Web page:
Friends of Grasslands
supporting native grassy ecosystems
PO Box 987
Civic Square ACT 2608
Phone: 02 62.. ....
TAMS Centenary Trail Consultation
GPO Box 158
Canberra City ACT 2601
Canberra Centenary trail
Friends of Grasslands (FOG) is a community group dedicated to the conservation of natural temperate grassy ecosystems in south-eastern Australia. FOG advocates, educates and advises on matters to do with the conservation of grassy ecosystems, and carries out surveys and other on-ground work. FOG is based in Canberra and its more than 200 members include professional scientists, landowners, land managers and interested members of the public.
Thank you for the opportunity to comment on the proposed Canberra Centenary Trail route. FOG’s main concerns in relation to this proposal is potential impacts on endangered natural temperate grasslands and box-gum grassy woodland in the reserves through which the proposed Trail will run, in particular Mulligan’s Flat Nature Reserve and Goorooyaroo Nature Park. In making the following comments, we note that, while for the most part existing tracks will be used for the Trail, in Mulligan’s Flat Nature Reserve some sections of new or upgraded track will be needed.
Impact of new tracks on endangered grassy ecosystems
FOG’s view is that there should be no development in high conservation areas, and that these areas are “no go”. While it could be argued that the size of the impact of the Trail is small, a new and wider trail will have some impact on Mulligan’s Flat Nature Reserve. As well, the construction process itself will have a larger impact, which has not considered as far as we could see. From the information provided, it appears that the new sections proposed in Mulligan’s Flat will pass through both woodland and grassy woodland area, although it is difficult to determine the quality of habitat or area affected from what is provided.
In cases of essential infrastructure, FOG may sometimes concede that the impact is necessary. However, this Trail is for recreation and thus is hardly essential. The main purpose of these two nature reserves is to protect endangered grassy ecosystems, not to provide recreation opportunities – there is plenty of degraded land in and around Canberra available for recreation purposes. For this reason, FOG considers that the Trail should, at the very least, only make use of existing trails in the Reserve.
From the maps provided, it appears as if there will also be construction of new tracks on rural leases on which high quality grassy woodland and woodland communities occur. The woodland communities on private property to the west of Mulligan’s Flat provide important connectivity linkages to the Murrumbidgee corridor and beyond, and have conservation value, even though not part of the ACT’s nature reserve system. FOG understands that, in fact, there is a proposal to include the better quality habitat in this area into a new national park. The above comments apply also to any new trails being constructed in these areas.
Another concern of FOG’s is the possibility of inadvertent spread of grassy weeds from weed infested areas into the above (and other) nature reserves. There are areas, particularly in the south of Canberra, where there are significant grassy weeds (such as African love grass, serrated tussock and Chilean needle grass) alongside walking tracks and fire trails, e.g. along trails between Urambi Hills and McQuoids Hill. While one of the main ways these have been spread in the past is by mowing, inadvertent transfer by walkers (and their dogs) and cyclists brushing past plants and carrying the seed further along the trail also occurs. Increased use of the tracks through Mulligan’s Flat Nature Reserve and Goorooyaroo Nature Park is likely, over the long term, to increase the spread of weeds through these areas.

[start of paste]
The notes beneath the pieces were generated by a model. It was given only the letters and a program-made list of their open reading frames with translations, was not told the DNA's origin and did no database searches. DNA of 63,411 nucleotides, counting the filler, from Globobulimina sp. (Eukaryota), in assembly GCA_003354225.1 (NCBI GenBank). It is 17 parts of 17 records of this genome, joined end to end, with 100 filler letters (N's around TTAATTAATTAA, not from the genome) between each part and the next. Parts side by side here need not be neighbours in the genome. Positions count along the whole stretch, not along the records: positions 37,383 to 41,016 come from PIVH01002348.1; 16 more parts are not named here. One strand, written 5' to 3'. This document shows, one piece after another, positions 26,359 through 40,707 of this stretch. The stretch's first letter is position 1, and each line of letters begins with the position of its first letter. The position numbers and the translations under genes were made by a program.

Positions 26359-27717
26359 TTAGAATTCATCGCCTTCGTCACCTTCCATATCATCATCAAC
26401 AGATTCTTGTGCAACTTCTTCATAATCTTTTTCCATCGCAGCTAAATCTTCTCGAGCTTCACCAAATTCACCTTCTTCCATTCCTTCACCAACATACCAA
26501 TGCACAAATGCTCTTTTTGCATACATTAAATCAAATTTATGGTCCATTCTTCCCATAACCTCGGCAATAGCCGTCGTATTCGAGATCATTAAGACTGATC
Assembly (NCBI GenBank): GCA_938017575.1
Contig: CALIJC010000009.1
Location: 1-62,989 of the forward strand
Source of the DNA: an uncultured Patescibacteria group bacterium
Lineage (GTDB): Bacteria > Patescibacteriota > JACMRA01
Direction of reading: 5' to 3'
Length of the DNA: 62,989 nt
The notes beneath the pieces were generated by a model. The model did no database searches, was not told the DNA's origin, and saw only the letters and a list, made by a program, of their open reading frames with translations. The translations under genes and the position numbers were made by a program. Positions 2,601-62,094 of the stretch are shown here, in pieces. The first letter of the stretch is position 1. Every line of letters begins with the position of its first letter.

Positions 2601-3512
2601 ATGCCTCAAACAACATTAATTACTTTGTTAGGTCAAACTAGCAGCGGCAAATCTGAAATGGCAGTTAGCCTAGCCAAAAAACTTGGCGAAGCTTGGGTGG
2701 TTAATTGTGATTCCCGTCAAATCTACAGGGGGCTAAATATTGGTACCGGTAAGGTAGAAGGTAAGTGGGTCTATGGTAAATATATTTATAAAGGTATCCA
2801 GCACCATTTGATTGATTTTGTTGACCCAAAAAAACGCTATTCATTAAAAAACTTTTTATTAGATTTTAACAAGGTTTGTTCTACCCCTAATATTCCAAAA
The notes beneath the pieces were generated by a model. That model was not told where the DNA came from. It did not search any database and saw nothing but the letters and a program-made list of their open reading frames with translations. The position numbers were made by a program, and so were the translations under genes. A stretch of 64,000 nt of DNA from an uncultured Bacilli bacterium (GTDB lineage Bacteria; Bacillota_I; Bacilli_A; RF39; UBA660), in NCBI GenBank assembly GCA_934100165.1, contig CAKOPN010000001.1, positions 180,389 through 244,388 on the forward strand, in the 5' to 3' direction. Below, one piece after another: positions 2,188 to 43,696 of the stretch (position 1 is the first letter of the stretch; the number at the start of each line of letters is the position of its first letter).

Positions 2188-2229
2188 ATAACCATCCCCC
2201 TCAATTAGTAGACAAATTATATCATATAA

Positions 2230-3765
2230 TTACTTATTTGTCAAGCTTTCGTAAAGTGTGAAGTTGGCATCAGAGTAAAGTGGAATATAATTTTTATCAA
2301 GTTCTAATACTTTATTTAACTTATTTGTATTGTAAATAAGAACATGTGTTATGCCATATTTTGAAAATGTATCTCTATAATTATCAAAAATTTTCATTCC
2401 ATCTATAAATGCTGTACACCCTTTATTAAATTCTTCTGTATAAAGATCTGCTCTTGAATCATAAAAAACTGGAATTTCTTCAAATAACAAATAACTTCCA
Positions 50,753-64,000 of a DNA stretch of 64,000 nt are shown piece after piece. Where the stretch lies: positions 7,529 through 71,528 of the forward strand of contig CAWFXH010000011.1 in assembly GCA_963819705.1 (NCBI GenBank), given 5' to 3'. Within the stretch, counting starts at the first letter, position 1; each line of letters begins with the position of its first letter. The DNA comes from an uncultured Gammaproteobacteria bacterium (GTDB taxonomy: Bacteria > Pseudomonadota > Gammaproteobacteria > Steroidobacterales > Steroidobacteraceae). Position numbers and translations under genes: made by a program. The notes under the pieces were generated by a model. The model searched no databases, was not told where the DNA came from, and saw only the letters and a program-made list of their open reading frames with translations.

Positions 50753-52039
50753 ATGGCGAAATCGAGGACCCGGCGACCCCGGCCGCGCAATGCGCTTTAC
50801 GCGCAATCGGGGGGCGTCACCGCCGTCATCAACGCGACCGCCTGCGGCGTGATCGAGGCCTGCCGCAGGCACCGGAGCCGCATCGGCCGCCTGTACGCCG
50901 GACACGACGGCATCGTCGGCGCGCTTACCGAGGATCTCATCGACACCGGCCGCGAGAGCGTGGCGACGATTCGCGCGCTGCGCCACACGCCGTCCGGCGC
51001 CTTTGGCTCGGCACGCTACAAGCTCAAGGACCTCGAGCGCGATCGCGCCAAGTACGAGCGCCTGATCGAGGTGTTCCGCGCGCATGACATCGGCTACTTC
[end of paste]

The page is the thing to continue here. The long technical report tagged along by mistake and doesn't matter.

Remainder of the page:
Misuse of the Trail
There is already a problem of inappropriate use by trail bikes in other nature reserves and open spaces around Canberra. FOG believes that broadening the trail through these nature reserves opens up the potential for trail bikes to make more use of nature reserves such as Mulligan’s Flat. Since trail bike riders do not always stay on formed tracks, there is potential for damage to the endangered grassy ecosystems in these northern reserves. Prevention of such misuse is very difficult and, at the moment, appears to have no resources allocated to it in other parts of Canberra’s open spaces. Assuming this continues to be the case, broadening the trail within these reserves will, FOG believes, increase urban impact on our reserves.
Maintenance of the Trail
In reading the section on trail maintenance in the feasibility report, FOG notes that the management costs include marketing and promotion, community engagement and insurance, but make no mention of actual trail maintenance or management of any undesirable impacts of the trail on the reserves it passes through. At the very least, there needs to be some resources set aside for management of weeds along the Trail. Relying on Government weeds teams or community groups such as Parkcare to manage any increased spread of weeds due to the Trail is inappropriate since both Government weeds budgets and volunteer groups are already stretched to the limit managing other problems.
The feasibility report focuses on tourism and makes no mention of the environmental impacts of the trail. While acknowledging the intent of the Trail (to showcase Canberra and some of its hidden treasures) FOG is concerned that the impact of the Trail will be to degrade some of those treasures. At the very least, the Trail should be confined to existing tracks through high conservation value nature reserves. Consideration also needs to be given to potential long term impacts of the Trail on our endangered grassy ecosystems.
John Fitz Gerald
21 November 2011